Football Features

Germany 2-0 Hungary: Die Mannschaft reach Euro 2024 knockout stages

By Mohamed Moallim

Published: 19:00, 19 June 2024

Germany secured a place in the Euro 2024 knockout phase following their 2-0 win over Hungary in Stuttgart this afternoon.

Julian Nagelsmann’s side came into Matchday Two knowing that success, coupled with Scotland failing to beat Switzerland, would seal a place in the round of 16, but an earlier draw between Croatia and Albania means they’ve progressed at least as a best third-place team.

Future events aside, this was another stellar performance from the hosts, who continue to strengthen their case for winning this summer’s competition. Toni Kroos remained imperious in midfield, while Jamal Musiala excelled again on the flanks.

But it wasn’t as straightforward as their opening contest. For one thing, after the opening six minutes of this match, Germany faced more shots (two) than in their entire outing against Scotland (one). They ultimately dealt with 11, their most at the European Championship since facing 14 against the Netherlands in 2012.

Stuttgart born Musiala broke the deadlock. His close-range finish made him the first player at Euro 2024 to score more than once. Furthermore, at 19 and 114 days, he’s the youngest player to score in a nation’s first two group stage games at a single Euros tournament.

Truth be told, it all came from the brilliance of Gündoğan, who is also having a great tournament, and the same could be said for Manuel Neuer, the indomitable German shot-stopper today drawing level with Gianluigi Buffon as the goalkeeper with the most Euro appearances (17).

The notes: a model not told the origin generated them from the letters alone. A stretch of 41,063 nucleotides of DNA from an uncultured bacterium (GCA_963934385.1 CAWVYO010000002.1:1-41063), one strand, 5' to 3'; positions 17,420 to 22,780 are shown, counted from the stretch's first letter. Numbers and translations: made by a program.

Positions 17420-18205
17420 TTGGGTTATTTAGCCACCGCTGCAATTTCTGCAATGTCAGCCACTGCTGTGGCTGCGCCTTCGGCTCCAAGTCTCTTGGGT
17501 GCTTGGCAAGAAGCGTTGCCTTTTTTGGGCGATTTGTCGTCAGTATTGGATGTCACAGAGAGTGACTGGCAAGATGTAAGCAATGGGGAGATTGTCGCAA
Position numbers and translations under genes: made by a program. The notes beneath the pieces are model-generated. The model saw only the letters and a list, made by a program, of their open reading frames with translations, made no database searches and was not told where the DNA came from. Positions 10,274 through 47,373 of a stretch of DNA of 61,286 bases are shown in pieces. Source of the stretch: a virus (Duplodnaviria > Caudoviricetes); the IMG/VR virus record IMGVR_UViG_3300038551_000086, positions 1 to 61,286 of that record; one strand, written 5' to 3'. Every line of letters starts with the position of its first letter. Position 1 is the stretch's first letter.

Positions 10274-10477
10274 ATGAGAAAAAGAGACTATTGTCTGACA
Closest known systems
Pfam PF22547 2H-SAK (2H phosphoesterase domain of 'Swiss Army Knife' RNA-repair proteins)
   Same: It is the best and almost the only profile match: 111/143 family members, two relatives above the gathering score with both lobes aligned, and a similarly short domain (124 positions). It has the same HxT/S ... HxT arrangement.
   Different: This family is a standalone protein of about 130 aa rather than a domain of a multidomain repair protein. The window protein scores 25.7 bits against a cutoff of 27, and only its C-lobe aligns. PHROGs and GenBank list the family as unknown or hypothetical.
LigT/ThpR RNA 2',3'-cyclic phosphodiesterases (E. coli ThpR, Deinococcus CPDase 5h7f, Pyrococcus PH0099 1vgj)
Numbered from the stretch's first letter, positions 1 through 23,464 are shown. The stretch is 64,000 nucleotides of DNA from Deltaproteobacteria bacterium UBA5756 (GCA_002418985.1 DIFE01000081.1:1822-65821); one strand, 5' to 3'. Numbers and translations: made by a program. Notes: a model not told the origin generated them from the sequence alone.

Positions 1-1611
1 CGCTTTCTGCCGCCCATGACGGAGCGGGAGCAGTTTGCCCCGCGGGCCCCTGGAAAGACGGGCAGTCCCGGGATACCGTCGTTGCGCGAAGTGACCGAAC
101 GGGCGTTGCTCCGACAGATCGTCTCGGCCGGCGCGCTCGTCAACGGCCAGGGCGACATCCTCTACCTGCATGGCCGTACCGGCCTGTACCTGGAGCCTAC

No sooner after Germany went in front, the Bayern Munich man produced a brilliant save from Dominik Szoboszlai’s free-kick, which from 20 metres bent around the wall and looked like it might just be sneaking in, but Neuer threw himself at the ball and kept it out at the very last moment.

Hungary persisted and even had a goal disallowed for offside before halftime. Barnabás Varga, who netted in the 3-1 loss to Switzerland, had to bury a header on the hour mark. Gündoğan ultimately punished Marco Rossi’s side. Having played the ball around the edge of the Hungary box nicely, creating space. Kroos and Musiala combined to release Maximilian Mittelstädt, who pulled it back to an unmarked Gündoğan to slot home.

Mittelstädt registered his first assist at the championship and spoke beforehand about the importance of Kroos.

“[He] gives us a lot of security, which is difficult to obtain, both on and off the pitch,” he said. “On the pitch, he’s always available, always anticipates situations, and can create things with the ball like few others. As a human being, he’s still a down-to-earth guy who’s always got a funny saying ready. You’re not intimidated by him.”

It was another staggering passing masterclass for the soon-to-be-retired midfielder. Kroos completed 124 passes, the second-most on record by a midfielder in a European Championship game, behind only Xavi’s 127 successful passes for Spain against the Republic of Ireland at Euro 2012. He incredibly produced 47 line-breaking passes, at least 30 more than any other player in this match.

Gündoğan’s effort also meant Germany are just the second team in history to score seven goals across their first two games of a European Championship campaign alongside the Netherlands at Euro 2008.

“Berlin, Berlin, wir fahren nach Berlin!” sang the home faithful after the final whistle. Germany has had some disappointing major tournaments recently, but it has gone very smoothly so far. With a second victory in their second group game — and without conceding — the fans are making their desired final destination for this tournament clear.

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